The pharmaceutical sector has been getting through the Covid-19 pandemic rather well. The drug industry benefits from the strong support from states around the world for keeping their populations healthy. State support has materialized in the form of significant spending to contain the outbreak. This has helped hospitals buy more medicines and additional medical equipment, making it possible for drug makers to strongly focus their research and development efforts on discovering either a new drug or vaccine to cure the disease. Global drug sales are forecast to hit USD928bn in 2020 compared to USD880bn last year. Due to increased public support in healthcare policies, they are expected to rise by +6% to USD985bn in 2021, twice as much as the average growth rate of the market over the last decade.
There are four main segments of medicines to be considered in the industry: Prescription drugs, which require a doctor’s prescription; generics, which benefit from off-patent medicines but still request a physician’s prescription; over-the-counter medicines that do not need any prescriptions and orphan drugs intended for the treatment of rare diseases, out of which more than half are biological and usually used in hospitals as a result. Prescription drugs account for 70% of global pharmaceutical sales, while orphan ones account for 15%. In terms of sales growth, the former is expected to go up a little less than 6% while the latter is expected to rise by around 11% between 2020 and 2021, fueled by its (much) higher price on average.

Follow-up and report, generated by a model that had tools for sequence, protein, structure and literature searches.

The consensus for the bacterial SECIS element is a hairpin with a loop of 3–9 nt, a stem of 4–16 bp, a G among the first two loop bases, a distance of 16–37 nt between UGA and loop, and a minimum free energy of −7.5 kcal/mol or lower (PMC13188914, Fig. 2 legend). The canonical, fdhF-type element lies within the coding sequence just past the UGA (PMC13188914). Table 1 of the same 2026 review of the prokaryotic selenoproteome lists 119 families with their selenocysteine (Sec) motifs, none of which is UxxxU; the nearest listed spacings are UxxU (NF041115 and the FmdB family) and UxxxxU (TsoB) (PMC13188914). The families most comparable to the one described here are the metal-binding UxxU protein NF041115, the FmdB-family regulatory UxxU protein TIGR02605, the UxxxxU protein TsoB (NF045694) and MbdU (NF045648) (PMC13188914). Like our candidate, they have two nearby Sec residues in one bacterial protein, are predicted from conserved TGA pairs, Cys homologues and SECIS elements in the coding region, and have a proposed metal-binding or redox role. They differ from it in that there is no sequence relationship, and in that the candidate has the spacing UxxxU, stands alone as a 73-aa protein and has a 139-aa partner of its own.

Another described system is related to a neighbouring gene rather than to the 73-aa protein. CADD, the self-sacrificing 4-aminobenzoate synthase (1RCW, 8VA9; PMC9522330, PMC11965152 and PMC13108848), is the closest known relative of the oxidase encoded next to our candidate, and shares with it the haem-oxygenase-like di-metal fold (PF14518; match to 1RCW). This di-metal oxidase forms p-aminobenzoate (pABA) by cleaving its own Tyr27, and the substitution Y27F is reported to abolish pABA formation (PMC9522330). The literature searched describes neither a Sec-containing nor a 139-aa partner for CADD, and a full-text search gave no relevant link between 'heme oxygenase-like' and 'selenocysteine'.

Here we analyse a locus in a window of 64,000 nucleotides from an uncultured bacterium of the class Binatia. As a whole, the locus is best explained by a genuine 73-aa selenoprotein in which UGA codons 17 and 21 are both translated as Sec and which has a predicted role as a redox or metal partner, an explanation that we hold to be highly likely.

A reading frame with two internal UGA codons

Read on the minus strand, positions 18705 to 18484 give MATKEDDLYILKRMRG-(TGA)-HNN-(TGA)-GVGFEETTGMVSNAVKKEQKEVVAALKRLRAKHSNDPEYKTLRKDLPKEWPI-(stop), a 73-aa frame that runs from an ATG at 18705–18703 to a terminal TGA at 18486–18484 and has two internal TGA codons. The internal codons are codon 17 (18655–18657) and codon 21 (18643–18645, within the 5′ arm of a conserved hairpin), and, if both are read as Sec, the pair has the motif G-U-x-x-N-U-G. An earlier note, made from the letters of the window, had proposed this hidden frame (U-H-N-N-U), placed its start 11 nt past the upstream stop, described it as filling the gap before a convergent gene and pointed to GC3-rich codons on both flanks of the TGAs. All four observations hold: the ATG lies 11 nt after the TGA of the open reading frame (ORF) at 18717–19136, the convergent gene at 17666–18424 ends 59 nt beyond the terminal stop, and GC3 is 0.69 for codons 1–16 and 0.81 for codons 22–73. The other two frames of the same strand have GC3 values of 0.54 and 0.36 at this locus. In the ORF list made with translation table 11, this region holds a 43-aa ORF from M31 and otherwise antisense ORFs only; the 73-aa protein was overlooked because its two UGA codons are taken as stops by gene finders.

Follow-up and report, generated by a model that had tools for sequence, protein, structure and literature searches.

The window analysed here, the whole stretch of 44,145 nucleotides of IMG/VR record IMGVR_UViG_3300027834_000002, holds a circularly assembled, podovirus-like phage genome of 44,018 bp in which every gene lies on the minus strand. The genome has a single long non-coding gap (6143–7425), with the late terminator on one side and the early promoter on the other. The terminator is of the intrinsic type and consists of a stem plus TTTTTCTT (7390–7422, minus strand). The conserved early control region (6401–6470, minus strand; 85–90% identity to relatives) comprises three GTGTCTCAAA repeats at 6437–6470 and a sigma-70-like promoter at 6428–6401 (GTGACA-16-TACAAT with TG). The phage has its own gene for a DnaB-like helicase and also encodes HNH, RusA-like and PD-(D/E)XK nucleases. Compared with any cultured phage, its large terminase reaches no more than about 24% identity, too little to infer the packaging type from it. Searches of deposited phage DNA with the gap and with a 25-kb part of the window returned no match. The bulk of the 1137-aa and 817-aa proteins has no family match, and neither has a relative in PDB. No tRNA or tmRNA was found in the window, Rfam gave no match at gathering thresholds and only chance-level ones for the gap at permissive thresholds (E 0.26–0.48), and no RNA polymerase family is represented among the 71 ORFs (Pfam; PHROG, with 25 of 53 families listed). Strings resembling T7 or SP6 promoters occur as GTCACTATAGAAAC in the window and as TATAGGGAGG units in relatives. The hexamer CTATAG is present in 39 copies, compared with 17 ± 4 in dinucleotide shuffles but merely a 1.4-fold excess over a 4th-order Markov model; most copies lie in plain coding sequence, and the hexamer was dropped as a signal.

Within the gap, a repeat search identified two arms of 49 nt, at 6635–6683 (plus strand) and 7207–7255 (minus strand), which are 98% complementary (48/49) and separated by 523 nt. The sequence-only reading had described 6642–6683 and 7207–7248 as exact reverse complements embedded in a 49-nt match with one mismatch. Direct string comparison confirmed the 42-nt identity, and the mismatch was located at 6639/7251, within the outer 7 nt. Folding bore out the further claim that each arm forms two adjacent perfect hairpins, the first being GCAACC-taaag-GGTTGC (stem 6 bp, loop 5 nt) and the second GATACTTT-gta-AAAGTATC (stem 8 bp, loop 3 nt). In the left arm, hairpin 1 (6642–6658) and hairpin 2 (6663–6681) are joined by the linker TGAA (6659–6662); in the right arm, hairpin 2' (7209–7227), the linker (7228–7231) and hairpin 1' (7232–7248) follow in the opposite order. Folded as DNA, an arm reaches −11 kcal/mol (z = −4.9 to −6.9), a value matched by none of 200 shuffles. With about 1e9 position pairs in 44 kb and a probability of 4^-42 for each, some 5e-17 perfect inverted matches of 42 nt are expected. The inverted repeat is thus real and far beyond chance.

All drug makers do have to cope with governments’ tightening cost controls over drug price-fixing. This is especially the case for Big Pharma as these companies struggle relentlessly to overcome political hurdles related to drug price-gouging. They might not feel comfortable anymore with spending high amounts on R&D or with buying out too expensive biotech firms, had their pricing power been addressed by legal regulatory frameworks rather than themselves. Besides, they will have to face the risk of the re-localization of some producing activities in medicines considered as strategic by governments. This new risk is related to repatriating active pharmaceutical ingredients of prescription and generic drugs usually produced in low-cost countries. However, this can be seen also as an opportunity for drug makers to gain some scope for bargaining drug price levels in exchange for complying with the requirements of mature countries’ governments.